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Effects of interactions among social capital, income, and learning from experiences of natural disasters: A case study from Japan

By eiji yamamura

Abstract

This paper explores how and the extent to which social capital has an effect on the damage resulting from natural disasters. It also examines whether the experience of a natural disaster affects individual and collective protection against future disasters. There are three major findings. (1) Social capital reduces the damage caused by natural disasters. (2) The risk of a natural disaster makes people more apt to cooperate and therefore social capital is more effective to prevent disasters. (3) Income is an important factor for reducing damage, but hardly influences it when the scale of a disaster is small.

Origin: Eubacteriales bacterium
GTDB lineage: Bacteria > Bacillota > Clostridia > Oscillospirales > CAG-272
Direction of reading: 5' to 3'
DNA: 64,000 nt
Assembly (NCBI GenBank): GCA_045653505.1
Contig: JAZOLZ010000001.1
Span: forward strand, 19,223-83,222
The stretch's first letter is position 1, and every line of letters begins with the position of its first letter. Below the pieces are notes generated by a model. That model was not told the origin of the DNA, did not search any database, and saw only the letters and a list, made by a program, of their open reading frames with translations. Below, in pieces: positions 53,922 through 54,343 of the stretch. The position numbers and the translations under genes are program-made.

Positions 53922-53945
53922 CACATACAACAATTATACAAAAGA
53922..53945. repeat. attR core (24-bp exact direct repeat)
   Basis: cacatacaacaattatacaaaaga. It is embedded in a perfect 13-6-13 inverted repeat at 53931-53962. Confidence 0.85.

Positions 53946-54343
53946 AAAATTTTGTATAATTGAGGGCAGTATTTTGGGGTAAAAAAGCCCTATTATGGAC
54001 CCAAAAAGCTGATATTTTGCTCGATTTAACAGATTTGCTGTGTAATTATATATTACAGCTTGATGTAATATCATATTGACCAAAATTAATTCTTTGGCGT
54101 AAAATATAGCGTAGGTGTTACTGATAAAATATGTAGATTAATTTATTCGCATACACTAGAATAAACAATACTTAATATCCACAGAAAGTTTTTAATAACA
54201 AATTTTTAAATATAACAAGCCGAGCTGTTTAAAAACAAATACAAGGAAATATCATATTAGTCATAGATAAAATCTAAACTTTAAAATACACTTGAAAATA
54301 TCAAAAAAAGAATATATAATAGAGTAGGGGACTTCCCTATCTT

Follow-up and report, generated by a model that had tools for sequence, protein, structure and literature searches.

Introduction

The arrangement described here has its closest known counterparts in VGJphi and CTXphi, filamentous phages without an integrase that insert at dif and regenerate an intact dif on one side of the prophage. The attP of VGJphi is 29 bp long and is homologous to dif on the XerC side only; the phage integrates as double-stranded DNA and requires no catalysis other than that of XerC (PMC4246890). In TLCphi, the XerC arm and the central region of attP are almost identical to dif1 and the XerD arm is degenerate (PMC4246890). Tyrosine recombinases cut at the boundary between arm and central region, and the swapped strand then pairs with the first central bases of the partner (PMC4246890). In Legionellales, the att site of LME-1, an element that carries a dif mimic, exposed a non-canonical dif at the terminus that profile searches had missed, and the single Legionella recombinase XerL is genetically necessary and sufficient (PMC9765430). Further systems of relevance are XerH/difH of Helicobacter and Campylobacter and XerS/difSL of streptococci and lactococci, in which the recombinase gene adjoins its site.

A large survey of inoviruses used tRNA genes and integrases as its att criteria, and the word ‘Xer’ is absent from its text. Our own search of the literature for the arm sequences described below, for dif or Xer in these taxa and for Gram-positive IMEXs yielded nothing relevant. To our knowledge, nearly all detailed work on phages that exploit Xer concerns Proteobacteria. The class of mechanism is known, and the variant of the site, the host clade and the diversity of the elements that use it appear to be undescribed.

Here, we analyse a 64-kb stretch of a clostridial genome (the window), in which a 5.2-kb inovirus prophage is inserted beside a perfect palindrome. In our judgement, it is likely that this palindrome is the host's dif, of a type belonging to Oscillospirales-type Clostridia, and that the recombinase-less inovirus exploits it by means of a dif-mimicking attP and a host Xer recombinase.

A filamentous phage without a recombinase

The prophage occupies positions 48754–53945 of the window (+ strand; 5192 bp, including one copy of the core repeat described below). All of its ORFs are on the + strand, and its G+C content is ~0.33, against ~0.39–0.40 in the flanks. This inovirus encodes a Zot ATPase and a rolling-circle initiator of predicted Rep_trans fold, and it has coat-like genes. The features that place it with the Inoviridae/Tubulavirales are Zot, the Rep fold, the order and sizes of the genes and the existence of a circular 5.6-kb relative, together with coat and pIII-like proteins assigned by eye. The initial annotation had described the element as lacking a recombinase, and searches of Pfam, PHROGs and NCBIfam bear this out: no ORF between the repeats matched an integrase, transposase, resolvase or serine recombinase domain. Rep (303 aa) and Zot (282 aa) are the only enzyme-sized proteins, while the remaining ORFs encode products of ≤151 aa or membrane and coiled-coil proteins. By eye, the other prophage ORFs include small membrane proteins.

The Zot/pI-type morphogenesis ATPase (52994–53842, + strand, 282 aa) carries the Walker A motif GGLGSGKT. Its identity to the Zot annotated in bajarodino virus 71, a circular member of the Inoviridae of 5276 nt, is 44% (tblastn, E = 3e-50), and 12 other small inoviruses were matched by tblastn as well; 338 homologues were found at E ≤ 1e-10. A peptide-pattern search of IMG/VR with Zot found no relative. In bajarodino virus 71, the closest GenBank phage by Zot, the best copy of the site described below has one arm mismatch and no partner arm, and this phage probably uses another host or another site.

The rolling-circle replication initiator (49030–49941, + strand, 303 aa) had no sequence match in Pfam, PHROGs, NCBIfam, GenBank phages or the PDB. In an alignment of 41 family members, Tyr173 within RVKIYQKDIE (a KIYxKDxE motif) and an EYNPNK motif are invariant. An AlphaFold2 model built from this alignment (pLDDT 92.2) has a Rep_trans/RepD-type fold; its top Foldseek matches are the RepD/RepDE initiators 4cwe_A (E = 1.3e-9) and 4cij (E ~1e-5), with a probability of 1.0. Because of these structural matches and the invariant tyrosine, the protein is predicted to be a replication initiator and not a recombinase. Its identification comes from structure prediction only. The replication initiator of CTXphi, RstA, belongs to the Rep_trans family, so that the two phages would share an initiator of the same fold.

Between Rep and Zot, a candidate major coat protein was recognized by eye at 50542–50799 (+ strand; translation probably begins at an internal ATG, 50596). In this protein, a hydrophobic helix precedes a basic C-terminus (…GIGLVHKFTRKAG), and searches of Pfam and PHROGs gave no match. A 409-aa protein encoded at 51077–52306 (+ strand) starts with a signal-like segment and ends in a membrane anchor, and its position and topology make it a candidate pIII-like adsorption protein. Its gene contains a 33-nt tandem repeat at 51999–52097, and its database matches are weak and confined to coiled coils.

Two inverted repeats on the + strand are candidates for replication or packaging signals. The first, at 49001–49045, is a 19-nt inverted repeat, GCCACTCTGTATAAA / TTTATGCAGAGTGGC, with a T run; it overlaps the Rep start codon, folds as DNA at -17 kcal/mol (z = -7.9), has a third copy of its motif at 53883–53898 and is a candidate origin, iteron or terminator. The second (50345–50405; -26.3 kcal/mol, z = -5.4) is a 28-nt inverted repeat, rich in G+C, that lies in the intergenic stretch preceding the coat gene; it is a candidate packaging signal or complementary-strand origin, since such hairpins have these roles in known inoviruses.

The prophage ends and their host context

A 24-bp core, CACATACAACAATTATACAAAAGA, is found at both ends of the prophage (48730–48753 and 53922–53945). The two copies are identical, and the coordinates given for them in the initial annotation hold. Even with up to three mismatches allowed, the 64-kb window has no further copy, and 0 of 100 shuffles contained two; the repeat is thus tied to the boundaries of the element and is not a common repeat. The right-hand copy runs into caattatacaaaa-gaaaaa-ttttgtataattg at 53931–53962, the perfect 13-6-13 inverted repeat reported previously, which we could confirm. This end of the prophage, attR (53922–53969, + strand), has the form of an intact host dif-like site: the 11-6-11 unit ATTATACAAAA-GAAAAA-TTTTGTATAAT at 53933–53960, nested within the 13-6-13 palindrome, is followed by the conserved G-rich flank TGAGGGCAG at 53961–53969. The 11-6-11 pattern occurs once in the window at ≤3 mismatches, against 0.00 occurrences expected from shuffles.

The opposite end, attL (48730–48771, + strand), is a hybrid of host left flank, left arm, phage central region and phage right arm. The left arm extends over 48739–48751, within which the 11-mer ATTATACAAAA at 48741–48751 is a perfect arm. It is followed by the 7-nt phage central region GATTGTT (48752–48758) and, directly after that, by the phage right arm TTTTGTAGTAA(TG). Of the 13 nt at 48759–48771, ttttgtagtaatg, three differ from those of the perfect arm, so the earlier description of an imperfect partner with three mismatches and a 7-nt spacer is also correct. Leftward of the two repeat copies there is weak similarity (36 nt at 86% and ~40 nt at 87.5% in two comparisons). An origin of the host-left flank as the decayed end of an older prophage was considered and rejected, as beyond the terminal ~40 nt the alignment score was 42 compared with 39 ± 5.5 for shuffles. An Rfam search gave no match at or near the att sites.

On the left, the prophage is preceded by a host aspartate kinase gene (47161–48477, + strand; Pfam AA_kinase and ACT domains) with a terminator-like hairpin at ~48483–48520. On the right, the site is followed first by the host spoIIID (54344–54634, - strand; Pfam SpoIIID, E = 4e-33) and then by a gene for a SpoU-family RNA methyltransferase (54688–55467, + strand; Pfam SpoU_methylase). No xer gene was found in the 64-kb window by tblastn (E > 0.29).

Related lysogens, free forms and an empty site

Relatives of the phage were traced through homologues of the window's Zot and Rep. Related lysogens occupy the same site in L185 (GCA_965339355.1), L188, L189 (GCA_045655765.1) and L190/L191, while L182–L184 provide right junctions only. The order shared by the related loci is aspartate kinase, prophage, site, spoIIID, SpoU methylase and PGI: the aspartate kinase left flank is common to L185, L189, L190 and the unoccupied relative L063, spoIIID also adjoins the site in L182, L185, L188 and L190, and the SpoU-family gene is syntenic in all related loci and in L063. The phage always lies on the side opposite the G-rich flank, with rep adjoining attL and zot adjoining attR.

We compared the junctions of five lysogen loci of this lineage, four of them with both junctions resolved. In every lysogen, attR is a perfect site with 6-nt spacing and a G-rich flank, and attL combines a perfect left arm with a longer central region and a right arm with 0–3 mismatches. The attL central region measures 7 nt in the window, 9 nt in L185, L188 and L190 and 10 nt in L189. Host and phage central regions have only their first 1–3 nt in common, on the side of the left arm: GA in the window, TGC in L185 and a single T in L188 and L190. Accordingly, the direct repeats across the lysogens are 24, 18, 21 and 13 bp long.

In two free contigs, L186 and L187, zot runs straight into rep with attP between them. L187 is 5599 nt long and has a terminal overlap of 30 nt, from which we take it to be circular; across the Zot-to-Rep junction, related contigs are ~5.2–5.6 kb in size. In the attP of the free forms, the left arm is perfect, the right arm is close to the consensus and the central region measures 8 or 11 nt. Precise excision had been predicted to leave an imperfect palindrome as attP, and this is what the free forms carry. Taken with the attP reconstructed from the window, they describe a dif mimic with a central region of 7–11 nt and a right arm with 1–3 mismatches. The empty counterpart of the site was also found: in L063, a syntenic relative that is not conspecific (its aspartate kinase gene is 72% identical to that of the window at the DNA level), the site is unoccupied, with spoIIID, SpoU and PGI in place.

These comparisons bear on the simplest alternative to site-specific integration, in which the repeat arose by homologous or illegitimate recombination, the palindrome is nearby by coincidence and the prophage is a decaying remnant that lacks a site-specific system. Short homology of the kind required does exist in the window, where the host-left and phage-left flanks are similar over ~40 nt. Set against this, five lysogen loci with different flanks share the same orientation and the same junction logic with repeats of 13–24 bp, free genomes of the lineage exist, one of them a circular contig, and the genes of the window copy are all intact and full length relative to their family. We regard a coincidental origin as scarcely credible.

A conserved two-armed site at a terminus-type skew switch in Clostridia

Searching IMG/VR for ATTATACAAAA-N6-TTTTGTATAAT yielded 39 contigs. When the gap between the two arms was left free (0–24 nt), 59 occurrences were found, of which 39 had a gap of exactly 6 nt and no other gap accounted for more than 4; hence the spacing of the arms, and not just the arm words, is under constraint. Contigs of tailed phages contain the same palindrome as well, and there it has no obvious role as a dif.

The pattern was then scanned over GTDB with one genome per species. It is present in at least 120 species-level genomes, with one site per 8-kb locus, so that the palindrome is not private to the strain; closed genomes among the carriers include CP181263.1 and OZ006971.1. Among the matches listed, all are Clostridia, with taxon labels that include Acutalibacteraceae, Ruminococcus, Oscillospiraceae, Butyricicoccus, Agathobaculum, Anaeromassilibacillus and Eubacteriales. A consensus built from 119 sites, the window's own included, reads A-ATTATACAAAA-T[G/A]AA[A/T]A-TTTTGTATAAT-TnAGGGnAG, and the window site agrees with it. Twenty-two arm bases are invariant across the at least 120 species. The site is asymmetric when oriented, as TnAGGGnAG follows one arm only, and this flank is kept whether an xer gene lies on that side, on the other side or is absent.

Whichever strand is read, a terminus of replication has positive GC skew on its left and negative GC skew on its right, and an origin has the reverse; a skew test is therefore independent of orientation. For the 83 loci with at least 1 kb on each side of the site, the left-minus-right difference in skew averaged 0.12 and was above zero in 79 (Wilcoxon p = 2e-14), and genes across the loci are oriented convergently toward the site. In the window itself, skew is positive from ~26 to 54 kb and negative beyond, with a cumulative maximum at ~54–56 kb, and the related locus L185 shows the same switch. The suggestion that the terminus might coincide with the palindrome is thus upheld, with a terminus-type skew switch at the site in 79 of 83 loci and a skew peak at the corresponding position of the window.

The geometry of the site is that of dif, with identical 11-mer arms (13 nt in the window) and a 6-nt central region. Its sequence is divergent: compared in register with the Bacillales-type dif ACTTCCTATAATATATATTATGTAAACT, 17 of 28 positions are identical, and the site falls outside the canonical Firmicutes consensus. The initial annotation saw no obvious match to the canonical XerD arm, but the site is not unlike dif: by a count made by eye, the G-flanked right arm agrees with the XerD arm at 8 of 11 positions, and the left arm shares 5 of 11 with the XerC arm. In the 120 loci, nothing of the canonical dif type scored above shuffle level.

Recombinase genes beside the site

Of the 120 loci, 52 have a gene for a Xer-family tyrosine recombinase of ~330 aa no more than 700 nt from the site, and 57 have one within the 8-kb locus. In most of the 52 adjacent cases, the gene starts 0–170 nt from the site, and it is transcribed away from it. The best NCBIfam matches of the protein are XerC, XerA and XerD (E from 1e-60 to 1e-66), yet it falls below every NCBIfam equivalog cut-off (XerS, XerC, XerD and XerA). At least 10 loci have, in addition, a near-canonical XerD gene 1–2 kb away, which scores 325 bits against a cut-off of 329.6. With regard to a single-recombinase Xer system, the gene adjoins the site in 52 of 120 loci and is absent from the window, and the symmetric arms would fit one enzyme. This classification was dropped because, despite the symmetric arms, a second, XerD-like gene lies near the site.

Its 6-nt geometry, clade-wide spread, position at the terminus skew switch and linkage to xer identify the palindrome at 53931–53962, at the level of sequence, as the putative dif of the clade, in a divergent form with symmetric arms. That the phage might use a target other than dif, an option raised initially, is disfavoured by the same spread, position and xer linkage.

Topics: H41 - Public Goods, Z13 - Economic Sociology; Economic Anthropology; Social and Economic Stratification, P16 - Political Economy
Year: 2009
DOI identifier: 10.1080/00343400903365144
OAI identifier: oai:mpra.ub.uni-muenchen.de:16223

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